What has been the reaction of the government to the recent report that 700 sq km of prime forest has been lost?
"Overall, the decrease is insignificant. It is not worrying as India's forest cover has more or less stabilised and ranks number 10 globally on a per capita basis," said Devendra Pandey, director-general of Forest Survey of India.
It is a statement only an Indian bureaucrat can make. Factually correct in a very narrow sense but showing a contemptuous arrogant indifference to the ground ramifications of the finding. Pretending everything is fine because we rank number 10 globally on a per capita basis. How on earth is that hollow boast supposed to help the tiger? Dismissing the real loss of prime habitat by pointing out that our forest cover has more or less stabilized. In an earlier post I pointed out how meaningless this stabilizing is in the context of the health of critical wildlife habitats. Afforestation is simply an exercise carried out to balance the books of the ministry of environment and forest. Let's take another look at how this "stabilization of forest cover" is working out. Below is a forest cover map of Buxa tiger reserve in West Bengal. This data was complied from 2001 satellite images.
Source: Forest Survey of India
Green is dense to moderately dense forest and yellow is open forest which has about 10-40% forest cover. Look at the area around the red arrow. And compare it with a close up below of the same area taken in 2006.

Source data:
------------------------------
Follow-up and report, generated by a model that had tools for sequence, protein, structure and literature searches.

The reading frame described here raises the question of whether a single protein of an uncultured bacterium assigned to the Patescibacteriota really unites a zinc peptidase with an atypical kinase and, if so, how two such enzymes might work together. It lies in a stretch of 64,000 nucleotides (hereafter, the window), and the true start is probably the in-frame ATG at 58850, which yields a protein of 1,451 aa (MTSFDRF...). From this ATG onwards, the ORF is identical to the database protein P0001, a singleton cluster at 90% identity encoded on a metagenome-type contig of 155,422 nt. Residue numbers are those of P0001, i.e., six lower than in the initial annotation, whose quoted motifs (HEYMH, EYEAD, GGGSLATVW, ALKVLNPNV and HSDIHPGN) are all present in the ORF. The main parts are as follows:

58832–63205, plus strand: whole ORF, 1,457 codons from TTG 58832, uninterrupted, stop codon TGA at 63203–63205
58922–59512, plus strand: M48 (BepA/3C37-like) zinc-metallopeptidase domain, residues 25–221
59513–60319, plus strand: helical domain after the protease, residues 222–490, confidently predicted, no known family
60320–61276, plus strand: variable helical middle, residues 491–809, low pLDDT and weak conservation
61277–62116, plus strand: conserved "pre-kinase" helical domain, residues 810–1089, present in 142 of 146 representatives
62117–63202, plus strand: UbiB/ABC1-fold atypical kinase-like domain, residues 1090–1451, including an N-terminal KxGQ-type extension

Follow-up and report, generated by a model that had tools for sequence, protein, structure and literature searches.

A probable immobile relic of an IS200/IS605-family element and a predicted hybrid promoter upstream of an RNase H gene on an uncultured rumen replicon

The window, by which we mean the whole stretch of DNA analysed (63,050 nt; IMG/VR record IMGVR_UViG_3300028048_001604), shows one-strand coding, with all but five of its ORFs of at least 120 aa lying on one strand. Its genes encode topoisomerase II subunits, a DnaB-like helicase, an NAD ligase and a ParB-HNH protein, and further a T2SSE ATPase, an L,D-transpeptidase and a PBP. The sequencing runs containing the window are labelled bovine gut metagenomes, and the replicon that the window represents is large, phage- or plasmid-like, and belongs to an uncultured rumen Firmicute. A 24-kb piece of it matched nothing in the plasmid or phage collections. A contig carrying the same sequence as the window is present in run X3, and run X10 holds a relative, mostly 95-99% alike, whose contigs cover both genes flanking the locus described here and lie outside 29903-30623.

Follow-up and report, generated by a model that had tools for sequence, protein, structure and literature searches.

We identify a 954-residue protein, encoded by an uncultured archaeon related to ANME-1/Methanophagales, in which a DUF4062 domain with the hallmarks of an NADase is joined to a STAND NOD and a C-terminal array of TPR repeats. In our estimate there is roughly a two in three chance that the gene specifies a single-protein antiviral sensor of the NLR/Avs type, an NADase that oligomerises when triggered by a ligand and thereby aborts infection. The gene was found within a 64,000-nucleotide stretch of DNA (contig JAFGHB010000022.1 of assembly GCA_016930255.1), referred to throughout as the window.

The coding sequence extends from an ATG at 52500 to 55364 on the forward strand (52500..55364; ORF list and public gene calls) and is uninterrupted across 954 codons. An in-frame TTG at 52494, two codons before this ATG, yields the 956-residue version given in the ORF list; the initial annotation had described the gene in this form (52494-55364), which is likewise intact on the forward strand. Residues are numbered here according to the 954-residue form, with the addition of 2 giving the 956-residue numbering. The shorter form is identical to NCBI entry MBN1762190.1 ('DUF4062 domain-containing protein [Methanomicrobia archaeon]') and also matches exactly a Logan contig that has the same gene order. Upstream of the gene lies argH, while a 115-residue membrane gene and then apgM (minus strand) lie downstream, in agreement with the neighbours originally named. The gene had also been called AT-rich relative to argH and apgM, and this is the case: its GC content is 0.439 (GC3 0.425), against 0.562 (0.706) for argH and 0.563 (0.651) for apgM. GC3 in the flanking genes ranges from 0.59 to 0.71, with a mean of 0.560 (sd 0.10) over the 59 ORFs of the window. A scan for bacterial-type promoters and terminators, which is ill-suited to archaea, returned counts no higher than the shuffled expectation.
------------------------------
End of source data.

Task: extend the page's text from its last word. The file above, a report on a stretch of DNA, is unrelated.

If our afforestation programme really was meaningfully designed, this open forest shown in 2002 should have been targeted for improvement. The reality? By 2006 the entire area has been converted to farmland. "Ground Truthing" in remote sensing parlance refers to the validation of automated classification algorithms used in land cover mapping. Over here the term ground truth has taken on a much more urgent meaning. The truth is that our prime ecologically rich forest areas are disappearing but the government doesn't seem to care. Through its reports it is misleading it's citizens by creating statistical illusions of forest cover "balance" and "stabilization". As long as somewhere far away an equivalent amount of area is greened with monoculture plantations the forest department goals of "stabilizing" forest cover will be met and a false victory proclaimed.
Write to your state forest department and demand action. The link to the Maharashtra forest department is : Maharashtra Forest Officials
India Gains Forest Cover, But....
Bharatpur Bird Sanctuary Dries Up
Indus Dolphin Sighted in Punjab